Tunis Riots (1967)

(517 words)

Author(s): Haim Saadoun
The riots in Tunis at the beginning of June 1967 were a reaction to the Six-Day War in the Middle East. They were a turning point in the history of the Tunisian Jewish community. A major consequence of the unrest was that most of the Jews who had remained after Tunisian independence in 1956 left the country. Just before noon, on June 5, 1967, a Muslim mob set the British Library in Tunis afire. That afternoon the mob moved on to the American Library, the offices of Trans World Airlines (TWA), and the American embassy. After that, the mob began to attack Jewish property, mainly automobil…

Comité de Recrutement de la Main-d'Oeuvre Juive

(336 words)

Author(s): Haim Saadoun
The Comité de Recrutement de la Main-d’Oeuvre Juive (Committee for the Recruitment of Jewish Manpower) was established by the Jewish leadership in Tunisia during the German occupation (November 1942–May 1943). Since it was responsible for all aspects of recruiting and organizing a labor force in accordance with German demands, its function was somewhat parallel to that of the  Judenrat in Central and Eastern Europe. The members of the committee were Paul Ghez, Léon Moatti, George Krief, and Victor Bismut. The committee had a secretariat, a recruiting office (which…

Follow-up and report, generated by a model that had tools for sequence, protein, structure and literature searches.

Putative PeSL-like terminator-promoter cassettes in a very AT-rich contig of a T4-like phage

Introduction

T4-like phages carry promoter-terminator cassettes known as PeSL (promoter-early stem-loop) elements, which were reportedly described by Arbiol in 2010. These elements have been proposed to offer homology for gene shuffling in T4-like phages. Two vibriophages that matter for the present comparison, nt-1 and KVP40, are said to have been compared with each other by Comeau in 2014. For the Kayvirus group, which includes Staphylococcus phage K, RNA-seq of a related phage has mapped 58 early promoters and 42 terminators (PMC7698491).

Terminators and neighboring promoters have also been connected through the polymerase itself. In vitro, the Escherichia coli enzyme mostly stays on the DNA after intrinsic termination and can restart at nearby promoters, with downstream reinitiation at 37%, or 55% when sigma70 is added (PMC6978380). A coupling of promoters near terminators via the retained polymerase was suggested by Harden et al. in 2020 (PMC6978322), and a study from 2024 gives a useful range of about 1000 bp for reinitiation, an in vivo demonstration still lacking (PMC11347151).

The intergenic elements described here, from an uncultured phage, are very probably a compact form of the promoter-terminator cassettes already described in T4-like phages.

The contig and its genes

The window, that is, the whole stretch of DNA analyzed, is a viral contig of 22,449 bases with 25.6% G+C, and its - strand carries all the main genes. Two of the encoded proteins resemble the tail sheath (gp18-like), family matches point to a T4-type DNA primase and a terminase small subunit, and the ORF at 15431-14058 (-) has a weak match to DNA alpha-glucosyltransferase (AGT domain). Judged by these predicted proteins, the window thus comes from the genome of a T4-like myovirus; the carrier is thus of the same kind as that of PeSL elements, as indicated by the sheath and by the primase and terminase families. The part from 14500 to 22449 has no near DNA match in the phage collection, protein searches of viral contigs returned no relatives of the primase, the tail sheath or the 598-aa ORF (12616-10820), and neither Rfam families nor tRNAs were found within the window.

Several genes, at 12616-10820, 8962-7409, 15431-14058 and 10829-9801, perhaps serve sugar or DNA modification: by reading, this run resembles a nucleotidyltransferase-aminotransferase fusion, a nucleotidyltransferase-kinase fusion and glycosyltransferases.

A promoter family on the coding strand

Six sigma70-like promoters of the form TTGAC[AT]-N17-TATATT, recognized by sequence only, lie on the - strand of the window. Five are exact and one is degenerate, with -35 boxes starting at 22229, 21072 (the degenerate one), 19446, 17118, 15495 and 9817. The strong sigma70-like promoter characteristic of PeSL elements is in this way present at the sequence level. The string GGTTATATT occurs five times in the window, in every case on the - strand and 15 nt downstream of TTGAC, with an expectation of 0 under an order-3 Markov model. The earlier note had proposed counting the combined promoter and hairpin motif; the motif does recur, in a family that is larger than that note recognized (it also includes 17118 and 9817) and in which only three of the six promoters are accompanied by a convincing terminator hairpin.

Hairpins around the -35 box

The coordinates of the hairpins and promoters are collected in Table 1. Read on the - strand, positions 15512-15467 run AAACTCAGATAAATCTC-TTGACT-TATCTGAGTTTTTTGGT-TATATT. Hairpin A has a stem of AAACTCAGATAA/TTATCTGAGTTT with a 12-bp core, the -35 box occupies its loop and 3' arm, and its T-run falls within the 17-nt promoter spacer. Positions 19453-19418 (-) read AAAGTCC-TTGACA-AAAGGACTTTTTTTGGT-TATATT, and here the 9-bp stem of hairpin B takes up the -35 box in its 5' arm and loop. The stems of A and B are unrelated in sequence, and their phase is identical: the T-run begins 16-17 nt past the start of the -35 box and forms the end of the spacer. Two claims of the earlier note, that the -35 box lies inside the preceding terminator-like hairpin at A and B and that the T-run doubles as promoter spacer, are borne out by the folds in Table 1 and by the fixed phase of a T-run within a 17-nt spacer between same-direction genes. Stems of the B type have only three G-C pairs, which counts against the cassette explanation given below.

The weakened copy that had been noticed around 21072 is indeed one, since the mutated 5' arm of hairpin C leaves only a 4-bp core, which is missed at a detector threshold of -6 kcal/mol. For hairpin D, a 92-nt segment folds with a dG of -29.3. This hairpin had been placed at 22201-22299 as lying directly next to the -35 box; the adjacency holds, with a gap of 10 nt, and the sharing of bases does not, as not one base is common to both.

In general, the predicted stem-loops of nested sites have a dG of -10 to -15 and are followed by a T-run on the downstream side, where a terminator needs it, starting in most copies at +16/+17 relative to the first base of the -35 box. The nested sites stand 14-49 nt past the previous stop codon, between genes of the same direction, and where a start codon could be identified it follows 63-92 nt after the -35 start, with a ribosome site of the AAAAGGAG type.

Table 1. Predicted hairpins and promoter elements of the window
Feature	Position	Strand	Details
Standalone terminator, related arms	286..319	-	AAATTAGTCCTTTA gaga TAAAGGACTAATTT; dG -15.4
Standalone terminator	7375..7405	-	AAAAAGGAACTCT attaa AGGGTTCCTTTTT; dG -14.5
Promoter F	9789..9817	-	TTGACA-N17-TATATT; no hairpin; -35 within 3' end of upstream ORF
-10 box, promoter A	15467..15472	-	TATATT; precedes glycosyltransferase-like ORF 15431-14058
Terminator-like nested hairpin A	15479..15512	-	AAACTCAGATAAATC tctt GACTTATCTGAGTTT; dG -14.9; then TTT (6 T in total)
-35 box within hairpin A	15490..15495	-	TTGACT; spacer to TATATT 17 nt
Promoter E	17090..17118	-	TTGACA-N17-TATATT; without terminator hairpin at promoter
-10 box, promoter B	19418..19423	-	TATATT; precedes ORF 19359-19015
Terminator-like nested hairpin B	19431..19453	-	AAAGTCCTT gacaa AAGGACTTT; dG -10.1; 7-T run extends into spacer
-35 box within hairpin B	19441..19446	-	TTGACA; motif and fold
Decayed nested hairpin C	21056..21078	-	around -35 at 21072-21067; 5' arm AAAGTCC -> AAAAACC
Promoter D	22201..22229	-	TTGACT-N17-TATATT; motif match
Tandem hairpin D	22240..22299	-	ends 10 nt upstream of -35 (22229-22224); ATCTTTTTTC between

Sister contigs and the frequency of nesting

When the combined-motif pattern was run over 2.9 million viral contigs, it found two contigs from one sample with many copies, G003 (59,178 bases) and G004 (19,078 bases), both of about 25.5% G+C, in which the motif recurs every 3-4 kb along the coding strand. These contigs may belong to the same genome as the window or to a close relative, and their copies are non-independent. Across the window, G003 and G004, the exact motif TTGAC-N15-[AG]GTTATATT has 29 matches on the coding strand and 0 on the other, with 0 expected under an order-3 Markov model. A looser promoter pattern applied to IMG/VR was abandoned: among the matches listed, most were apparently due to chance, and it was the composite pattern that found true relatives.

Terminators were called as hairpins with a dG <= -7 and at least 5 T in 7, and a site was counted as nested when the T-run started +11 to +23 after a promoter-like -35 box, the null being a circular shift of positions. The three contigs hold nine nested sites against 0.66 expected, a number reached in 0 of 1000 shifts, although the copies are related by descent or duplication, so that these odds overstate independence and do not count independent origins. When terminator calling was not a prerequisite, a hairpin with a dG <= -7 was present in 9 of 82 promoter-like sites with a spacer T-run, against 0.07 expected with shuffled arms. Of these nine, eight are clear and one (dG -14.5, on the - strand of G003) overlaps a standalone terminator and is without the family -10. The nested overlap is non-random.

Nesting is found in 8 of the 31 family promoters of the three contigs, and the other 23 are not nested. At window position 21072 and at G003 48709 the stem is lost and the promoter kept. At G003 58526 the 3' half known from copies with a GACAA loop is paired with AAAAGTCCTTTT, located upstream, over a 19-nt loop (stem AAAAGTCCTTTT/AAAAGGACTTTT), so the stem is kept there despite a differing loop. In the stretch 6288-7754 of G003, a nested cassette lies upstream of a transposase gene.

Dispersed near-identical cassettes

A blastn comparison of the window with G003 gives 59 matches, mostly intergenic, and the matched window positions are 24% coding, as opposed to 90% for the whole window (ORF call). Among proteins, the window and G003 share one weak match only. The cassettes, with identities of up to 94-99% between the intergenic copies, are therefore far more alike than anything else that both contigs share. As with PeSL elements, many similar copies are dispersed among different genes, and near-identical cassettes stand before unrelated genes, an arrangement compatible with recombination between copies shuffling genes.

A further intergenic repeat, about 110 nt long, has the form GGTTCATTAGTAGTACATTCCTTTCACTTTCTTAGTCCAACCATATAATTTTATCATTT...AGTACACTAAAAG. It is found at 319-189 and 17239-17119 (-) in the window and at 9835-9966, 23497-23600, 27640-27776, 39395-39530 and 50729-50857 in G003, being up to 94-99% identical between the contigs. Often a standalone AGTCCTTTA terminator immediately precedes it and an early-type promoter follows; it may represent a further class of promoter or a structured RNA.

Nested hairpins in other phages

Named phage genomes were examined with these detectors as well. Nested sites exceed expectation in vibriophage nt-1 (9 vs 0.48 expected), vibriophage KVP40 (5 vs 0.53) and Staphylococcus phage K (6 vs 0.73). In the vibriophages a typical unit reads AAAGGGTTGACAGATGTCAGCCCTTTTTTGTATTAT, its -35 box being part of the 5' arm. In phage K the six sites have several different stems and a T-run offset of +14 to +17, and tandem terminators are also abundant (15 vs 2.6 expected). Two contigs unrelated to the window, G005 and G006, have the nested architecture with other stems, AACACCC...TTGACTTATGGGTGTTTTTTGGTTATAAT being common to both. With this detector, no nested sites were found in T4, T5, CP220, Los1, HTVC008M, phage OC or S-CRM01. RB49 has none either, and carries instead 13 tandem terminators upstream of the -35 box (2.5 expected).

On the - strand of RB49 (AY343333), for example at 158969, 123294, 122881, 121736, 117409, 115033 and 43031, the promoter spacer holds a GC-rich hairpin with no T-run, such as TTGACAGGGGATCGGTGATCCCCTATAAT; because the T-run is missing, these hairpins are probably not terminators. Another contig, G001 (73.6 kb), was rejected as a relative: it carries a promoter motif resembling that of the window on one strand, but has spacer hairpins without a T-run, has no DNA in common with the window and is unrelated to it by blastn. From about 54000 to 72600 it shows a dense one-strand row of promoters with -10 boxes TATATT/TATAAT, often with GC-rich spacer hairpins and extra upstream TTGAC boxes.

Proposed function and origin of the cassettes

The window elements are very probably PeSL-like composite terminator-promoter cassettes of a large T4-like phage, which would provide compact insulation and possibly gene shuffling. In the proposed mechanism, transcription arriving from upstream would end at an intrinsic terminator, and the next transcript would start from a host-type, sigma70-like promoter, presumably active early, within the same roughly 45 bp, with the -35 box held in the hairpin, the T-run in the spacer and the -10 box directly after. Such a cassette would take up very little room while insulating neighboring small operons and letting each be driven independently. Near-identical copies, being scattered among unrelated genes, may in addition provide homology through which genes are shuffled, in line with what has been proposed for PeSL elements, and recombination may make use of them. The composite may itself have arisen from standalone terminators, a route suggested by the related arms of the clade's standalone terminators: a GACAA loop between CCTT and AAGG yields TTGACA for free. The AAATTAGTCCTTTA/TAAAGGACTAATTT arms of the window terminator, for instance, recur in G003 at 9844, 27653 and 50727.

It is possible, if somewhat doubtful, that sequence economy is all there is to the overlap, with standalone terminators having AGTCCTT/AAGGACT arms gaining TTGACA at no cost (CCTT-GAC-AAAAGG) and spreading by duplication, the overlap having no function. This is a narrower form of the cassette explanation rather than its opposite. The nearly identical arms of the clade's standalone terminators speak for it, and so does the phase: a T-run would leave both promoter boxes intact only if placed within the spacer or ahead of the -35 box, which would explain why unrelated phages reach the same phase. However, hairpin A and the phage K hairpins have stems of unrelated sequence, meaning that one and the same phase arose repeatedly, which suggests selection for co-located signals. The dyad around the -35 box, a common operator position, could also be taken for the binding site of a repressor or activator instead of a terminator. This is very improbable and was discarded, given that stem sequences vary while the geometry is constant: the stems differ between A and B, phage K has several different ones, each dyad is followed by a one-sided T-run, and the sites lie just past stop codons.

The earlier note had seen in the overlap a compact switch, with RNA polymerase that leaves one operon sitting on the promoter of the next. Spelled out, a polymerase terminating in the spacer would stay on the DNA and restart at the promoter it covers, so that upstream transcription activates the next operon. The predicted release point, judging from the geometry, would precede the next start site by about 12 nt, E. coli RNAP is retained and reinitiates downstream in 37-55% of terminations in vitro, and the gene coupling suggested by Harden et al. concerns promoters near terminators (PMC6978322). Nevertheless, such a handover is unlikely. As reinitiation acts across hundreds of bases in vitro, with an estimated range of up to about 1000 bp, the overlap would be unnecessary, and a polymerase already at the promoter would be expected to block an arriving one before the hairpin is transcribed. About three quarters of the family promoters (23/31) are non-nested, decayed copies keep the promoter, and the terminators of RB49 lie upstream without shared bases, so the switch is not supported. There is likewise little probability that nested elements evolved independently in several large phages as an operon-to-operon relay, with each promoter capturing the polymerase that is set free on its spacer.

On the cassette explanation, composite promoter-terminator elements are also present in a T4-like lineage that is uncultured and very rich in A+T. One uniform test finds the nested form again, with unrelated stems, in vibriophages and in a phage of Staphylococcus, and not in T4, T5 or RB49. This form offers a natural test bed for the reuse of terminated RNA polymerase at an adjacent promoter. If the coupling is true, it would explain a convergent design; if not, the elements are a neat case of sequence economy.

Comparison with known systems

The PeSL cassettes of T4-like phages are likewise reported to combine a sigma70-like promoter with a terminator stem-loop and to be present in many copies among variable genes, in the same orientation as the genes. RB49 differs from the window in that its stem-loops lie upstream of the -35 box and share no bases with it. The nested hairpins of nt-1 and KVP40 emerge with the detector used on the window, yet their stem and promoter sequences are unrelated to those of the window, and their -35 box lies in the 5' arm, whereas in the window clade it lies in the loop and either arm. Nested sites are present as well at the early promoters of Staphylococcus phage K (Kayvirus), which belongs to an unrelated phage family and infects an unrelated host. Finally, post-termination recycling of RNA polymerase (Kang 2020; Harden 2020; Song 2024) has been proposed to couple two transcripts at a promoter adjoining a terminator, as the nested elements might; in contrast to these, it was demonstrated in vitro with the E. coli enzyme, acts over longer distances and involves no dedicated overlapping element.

(7,943 words)

Author(s): Haim Saadoun